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James McPherson, Published July 10 2010

North Dakota jobs attract workers

BISMARCK – North Dakota’s healthy economy and scores of unfilled jobs lured workers from across the nation last year, with bordering states and Michigan leading the wave, a Job Service analysis shows.

Job Service said 6,620 people from other states found jobs in North Dakota last year, up from 3,631 in 2008. The numbers reflect only out-of-state residents who registered on the agency’s website by providing a Social Security number and later earned wages in North Dakota.

More than 27,000 people from other states registered online from 2008-09, records show.

Job Service North Dakota research analyst Michael Ziesch said the report is only a snapshot of the number of people who actually landed a job in the state.

“It’s just a small subset of the churn of people moving to North Dakota,” he said.

The influx of workers is a relatively new experience for North Dakota, a state that for decades suffered population decline. North Dakota began the decade with its highest population since 2000, according to Census Bureau figures.

The bureau’s most recent estimate put North Dakota’s population at 646,844 in July 2009, up from 641,421 in 2008 and the 2000 count of 642,200. The state’s population is up more than 14,000 people from a decade-low of 632,809 in 2003.

The state’s population peaked at 680,845 in 1930.

North Dakota’s strong economy led by the booming oil patch in the western part of the state has pushed the population in recent years.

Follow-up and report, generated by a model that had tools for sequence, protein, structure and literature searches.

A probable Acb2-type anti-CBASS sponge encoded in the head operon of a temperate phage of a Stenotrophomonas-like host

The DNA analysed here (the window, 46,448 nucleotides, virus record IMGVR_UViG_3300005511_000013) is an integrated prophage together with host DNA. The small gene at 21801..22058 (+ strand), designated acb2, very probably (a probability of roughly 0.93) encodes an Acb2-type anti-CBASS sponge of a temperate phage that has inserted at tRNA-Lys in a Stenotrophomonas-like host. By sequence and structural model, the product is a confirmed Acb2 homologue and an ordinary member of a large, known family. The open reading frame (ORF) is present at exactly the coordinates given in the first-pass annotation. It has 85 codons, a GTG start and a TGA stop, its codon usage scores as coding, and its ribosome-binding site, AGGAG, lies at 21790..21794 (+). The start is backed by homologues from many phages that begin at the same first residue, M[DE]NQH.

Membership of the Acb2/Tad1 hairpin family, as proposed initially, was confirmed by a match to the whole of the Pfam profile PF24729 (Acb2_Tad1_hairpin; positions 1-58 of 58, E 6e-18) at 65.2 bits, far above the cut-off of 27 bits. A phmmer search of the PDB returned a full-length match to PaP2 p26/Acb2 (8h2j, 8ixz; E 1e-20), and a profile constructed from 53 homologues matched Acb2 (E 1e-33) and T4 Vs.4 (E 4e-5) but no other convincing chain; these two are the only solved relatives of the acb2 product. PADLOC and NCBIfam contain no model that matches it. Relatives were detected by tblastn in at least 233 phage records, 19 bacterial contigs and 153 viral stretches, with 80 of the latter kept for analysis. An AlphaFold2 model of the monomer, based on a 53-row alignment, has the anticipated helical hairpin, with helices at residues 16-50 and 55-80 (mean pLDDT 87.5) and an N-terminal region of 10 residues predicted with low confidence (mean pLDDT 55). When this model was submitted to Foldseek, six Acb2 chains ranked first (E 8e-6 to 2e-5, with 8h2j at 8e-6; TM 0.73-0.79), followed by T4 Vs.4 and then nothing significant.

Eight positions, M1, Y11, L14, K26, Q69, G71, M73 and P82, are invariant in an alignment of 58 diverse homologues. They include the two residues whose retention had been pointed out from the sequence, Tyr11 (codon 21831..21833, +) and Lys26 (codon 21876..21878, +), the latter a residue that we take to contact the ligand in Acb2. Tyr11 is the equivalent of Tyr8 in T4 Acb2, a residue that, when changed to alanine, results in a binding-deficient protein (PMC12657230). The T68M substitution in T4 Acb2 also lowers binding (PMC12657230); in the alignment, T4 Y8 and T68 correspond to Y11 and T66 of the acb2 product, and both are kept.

In June, the state had the lowest unemployment rate in the nation at 3.3 percent and tallied 10,700 unfilled jobs, Ziesch said.

Residents from every state in the nation relocated to North Dakota last year to land a job, Ziesch said. More than 3,900 Minnesotans found work in North Dakota in 2009, followed by 433 Montanans and 340 South Dakotans, Job Service records show.

Michigan, a state hurt by an ailing auto industry and where unemployment has hovered around 14 percent, lost 235 residents who found work in North Dakota last year, Job Service records show.

“Other parts of the country are lacking jobs, and we have them,” said state Commerce Commissioner Shane Goettle. “People move toward opportunity.”

Officials from the Commerce Department and businesses in need of workers had been attending job fairs in other states hoping to entice former North Dakotans and others to move back to the state. But the practice has been halted, at least for a while, Goettle said.

“We haven’t been doing them for a while, and quite frankly, we haven’t had to,” he said.